Whatchoo talkin’ ’bout?!

So I’m reading this book right now. Well, I’m reading several books right now, but I’m talking about one in particular. I like the concept well enough, but the dialogue is so stilted it hurts. I feel like I’m getting poked in the eye with weird, starchy words.

So can you guess what the writing prompt is going to be about today?

***

Write a bare-bones dialogue, with just enough markers to know who’s talking and what’s going on. Sit back and see if you can read it aloud like you’re having a conversation in a friend. In fact, go get a friend, strap her to a chair if necessary, and read it back and forth. Make necessary revisions until you don’t sound like a snooty Victorian. (Unless, of course, your character is a snooty Victorian.)

***

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2 Comments

  1. Ugh. I hate writing dialogue. For some people, it comes so easy and it seems so natural. I try to listen to my co-workers converse and make my dialogue sound similar in tempo and rhythm. But it isn’t easy. Which is why I read every single part of my book out loud to myself during the editing phase. It helps immensely, but I’m still never sure how my dialogue is. My beta-readers say it’s fine, but they’re not the most helpful. Sigh. I’m terribly afraid snooty Victorian is how my characters sound. I hope not.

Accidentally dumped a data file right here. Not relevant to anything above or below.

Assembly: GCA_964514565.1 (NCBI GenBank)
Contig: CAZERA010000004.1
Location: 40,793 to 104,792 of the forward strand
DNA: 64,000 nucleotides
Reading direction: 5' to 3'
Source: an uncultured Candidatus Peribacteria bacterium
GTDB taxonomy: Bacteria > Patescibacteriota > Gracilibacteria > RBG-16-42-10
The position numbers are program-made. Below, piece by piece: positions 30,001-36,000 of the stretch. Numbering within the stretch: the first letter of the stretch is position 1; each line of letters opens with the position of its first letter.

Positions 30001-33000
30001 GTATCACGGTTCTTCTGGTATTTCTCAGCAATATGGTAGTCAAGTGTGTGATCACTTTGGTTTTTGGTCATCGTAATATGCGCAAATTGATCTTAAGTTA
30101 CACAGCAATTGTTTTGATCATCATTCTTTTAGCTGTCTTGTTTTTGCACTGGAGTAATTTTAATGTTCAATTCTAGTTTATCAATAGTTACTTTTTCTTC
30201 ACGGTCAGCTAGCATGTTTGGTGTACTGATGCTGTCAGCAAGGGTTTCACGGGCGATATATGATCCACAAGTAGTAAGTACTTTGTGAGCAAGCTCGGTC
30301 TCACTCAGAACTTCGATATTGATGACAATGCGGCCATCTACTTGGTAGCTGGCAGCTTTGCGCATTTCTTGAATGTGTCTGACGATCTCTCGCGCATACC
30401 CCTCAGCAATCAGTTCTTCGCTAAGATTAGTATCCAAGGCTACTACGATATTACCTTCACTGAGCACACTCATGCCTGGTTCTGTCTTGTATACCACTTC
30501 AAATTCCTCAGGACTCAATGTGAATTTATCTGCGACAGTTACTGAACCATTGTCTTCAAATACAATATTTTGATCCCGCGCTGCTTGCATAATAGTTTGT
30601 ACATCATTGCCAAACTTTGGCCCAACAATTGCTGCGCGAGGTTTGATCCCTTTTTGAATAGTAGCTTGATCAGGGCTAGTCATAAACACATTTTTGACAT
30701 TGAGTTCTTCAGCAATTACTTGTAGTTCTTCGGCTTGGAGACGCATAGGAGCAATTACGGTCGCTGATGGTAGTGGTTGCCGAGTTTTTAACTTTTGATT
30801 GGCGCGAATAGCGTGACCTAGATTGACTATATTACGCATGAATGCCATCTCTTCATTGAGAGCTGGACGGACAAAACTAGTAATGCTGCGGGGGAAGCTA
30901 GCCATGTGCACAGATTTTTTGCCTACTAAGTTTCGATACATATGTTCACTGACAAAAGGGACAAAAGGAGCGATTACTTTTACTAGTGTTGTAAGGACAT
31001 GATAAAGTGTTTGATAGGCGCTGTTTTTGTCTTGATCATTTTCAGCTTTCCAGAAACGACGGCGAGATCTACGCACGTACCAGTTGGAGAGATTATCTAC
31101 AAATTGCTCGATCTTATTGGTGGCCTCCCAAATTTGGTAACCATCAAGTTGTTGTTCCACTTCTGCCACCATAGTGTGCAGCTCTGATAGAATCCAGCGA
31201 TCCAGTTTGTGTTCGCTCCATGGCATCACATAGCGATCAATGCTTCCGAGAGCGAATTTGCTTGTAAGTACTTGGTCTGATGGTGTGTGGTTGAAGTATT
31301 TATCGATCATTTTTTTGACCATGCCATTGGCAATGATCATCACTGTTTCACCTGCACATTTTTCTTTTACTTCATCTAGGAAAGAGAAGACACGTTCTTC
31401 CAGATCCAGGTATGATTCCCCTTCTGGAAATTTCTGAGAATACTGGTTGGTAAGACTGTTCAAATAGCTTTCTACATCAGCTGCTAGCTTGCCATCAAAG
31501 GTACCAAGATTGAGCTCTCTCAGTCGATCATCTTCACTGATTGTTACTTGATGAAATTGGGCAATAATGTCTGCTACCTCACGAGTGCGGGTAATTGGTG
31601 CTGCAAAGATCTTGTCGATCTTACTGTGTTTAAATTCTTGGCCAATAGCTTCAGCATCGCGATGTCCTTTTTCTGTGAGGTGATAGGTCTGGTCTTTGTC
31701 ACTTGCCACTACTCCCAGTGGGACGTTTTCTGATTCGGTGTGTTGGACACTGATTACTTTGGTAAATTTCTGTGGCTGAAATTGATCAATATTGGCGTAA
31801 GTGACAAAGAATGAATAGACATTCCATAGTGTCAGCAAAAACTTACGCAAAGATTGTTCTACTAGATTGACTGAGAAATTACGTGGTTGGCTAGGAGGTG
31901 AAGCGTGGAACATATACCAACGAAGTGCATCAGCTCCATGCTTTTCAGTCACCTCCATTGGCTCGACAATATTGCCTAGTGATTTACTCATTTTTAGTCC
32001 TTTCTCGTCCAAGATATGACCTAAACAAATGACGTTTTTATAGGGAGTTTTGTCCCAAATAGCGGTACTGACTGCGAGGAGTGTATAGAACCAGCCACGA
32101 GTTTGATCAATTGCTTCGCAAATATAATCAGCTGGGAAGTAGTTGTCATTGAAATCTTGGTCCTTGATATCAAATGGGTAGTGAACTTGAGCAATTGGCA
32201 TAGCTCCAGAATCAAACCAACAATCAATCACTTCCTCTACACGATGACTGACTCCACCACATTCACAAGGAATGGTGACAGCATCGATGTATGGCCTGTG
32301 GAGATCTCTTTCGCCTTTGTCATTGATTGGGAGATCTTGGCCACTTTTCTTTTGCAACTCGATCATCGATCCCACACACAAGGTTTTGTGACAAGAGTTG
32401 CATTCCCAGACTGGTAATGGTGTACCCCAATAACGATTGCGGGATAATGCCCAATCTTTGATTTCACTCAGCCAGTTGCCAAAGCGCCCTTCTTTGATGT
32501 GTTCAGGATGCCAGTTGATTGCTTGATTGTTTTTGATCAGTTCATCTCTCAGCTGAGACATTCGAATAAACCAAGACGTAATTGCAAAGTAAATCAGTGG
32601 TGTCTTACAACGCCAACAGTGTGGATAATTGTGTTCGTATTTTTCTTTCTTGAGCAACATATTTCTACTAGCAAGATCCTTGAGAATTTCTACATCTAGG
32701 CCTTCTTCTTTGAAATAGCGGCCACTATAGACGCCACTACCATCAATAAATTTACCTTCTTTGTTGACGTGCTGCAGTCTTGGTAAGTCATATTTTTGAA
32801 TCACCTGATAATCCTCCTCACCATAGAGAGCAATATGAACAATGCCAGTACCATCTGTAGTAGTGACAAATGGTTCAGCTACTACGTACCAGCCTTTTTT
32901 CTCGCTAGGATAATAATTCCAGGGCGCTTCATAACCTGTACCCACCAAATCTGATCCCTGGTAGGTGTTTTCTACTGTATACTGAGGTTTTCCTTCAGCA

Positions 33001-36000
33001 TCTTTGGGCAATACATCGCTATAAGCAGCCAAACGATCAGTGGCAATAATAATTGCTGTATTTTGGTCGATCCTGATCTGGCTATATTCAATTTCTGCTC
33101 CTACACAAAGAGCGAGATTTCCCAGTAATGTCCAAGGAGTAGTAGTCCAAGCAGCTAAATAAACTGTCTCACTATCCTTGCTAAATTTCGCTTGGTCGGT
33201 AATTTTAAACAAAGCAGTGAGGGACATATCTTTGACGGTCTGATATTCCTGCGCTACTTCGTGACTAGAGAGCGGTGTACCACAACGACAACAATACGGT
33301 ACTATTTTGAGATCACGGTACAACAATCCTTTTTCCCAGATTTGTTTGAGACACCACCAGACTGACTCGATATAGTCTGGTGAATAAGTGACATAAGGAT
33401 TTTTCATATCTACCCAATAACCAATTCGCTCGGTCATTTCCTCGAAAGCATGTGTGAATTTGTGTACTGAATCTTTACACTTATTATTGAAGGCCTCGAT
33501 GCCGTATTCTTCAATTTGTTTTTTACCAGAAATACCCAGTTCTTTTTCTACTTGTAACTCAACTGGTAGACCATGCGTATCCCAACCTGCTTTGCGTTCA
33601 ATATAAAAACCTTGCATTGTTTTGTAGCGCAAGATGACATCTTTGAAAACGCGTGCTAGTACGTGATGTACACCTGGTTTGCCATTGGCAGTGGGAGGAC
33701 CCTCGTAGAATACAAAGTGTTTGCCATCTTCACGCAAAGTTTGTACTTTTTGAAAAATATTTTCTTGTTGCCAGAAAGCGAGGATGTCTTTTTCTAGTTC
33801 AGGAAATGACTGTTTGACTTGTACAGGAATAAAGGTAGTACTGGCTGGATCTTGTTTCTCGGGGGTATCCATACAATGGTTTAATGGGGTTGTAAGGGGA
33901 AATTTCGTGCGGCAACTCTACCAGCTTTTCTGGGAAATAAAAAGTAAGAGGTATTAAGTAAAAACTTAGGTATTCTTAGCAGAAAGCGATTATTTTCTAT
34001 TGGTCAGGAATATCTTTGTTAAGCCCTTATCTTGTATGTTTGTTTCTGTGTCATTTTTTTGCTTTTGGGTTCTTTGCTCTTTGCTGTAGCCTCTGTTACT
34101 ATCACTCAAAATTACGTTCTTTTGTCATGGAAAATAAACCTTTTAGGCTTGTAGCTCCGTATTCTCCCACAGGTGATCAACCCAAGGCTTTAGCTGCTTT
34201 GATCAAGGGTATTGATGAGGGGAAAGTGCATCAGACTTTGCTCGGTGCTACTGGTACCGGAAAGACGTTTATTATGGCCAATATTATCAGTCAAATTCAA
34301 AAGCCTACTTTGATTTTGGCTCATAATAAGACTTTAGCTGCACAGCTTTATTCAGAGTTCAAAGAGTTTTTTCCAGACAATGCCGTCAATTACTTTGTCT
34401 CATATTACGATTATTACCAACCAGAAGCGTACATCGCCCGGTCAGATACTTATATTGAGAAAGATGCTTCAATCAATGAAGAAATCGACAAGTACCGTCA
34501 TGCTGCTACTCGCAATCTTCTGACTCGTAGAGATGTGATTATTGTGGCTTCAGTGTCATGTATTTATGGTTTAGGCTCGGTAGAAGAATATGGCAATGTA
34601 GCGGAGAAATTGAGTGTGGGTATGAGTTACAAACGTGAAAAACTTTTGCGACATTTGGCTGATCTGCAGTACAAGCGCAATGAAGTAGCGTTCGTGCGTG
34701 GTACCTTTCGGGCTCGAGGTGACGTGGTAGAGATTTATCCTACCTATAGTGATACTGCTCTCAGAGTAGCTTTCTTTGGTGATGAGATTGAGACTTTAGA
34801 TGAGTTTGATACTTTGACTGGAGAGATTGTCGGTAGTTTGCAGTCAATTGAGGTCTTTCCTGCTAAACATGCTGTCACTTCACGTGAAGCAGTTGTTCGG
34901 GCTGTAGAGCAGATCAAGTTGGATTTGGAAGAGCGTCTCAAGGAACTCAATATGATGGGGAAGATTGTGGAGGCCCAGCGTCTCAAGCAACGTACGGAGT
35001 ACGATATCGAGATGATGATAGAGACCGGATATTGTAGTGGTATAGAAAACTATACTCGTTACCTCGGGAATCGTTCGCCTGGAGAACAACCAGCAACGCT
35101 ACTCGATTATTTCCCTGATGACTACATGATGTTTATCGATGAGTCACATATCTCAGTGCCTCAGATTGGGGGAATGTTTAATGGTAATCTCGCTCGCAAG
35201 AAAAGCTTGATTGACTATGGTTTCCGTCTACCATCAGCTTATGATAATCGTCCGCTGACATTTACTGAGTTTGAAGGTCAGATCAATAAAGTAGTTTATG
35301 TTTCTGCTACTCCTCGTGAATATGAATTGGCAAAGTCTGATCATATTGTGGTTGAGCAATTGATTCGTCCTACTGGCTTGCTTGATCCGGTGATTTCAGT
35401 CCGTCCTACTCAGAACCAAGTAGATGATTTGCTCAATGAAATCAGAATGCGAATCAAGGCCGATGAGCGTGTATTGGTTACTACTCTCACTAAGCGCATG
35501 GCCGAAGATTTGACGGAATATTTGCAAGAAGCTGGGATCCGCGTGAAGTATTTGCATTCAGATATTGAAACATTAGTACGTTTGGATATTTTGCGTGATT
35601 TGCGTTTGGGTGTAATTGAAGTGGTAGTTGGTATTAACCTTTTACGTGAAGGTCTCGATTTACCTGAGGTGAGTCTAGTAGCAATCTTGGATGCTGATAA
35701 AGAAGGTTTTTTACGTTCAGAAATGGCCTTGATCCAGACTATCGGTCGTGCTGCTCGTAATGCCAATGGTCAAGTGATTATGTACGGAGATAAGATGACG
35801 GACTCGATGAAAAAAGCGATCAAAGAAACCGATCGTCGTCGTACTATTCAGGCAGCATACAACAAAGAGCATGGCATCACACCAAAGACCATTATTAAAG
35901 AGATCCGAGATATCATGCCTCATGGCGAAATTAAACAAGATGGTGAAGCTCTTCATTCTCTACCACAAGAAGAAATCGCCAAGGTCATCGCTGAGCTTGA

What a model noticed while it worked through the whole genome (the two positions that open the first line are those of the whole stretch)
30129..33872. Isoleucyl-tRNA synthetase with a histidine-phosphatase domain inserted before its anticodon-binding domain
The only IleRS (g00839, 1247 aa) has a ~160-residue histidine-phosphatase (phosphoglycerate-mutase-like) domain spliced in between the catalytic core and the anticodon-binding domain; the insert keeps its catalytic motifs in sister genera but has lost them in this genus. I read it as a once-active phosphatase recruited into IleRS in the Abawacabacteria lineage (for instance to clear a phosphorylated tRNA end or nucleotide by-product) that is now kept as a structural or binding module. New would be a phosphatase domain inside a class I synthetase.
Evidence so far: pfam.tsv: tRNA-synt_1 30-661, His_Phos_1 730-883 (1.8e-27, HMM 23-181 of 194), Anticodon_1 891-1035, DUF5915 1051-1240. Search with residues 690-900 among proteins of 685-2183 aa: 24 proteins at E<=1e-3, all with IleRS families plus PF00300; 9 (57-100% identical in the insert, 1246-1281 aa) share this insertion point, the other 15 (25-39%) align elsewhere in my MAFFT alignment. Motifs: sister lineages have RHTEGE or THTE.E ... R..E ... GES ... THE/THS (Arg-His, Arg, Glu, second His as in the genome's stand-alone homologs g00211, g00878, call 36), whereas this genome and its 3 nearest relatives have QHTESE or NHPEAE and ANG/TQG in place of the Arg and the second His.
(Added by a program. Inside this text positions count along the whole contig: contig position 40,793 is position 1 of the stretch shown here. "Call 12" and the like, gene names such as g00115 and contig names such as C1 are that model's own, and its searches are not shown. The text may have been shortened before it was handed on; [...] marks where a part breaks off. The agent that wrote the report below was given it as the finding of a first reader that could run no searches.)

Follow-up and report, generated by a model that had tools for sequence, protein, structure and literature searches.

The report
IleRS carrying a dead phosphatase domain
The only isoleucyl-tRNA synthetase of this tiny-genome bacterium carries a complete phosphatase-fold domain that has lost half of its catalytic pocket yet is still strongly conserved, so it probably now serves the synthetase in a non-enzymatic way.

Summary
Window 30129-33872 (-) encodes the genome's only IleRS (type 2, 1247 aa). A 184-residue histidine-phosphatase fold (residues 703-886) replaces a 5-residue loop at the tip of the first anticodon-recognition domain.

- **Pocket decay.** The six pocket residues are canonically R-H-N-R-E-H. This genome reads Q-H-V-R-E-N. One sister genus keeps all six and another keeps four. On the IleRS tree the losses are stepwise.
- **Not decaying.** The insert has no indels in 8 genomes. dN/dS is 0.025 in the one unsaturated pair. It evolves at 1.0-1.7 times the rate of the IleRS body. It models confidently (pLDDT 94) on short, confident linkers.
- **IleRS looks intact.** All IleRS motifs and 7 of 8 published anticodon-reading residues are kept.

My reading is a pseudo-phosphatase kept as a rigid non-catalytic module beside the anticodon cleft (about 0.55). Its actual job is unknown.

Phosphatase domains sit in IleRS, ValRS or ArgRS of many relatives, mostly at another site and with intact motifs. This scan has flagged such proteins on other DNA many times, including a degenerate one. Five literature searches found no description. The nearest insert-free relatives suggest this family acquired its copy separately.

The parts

• Dialogue is a tricky balance, because you it can’t be too real (e.g. weird spellings that reflect pronunciation, incessant filler words and pauses, etc.) or too fake. And then you throw in the fact that different characters have different levels of formality and style, and it’s just hard. But I’ve found that reading aloud is the biggest help, just because it’s easier to feel the rhythm of speech than to just see it on the page.

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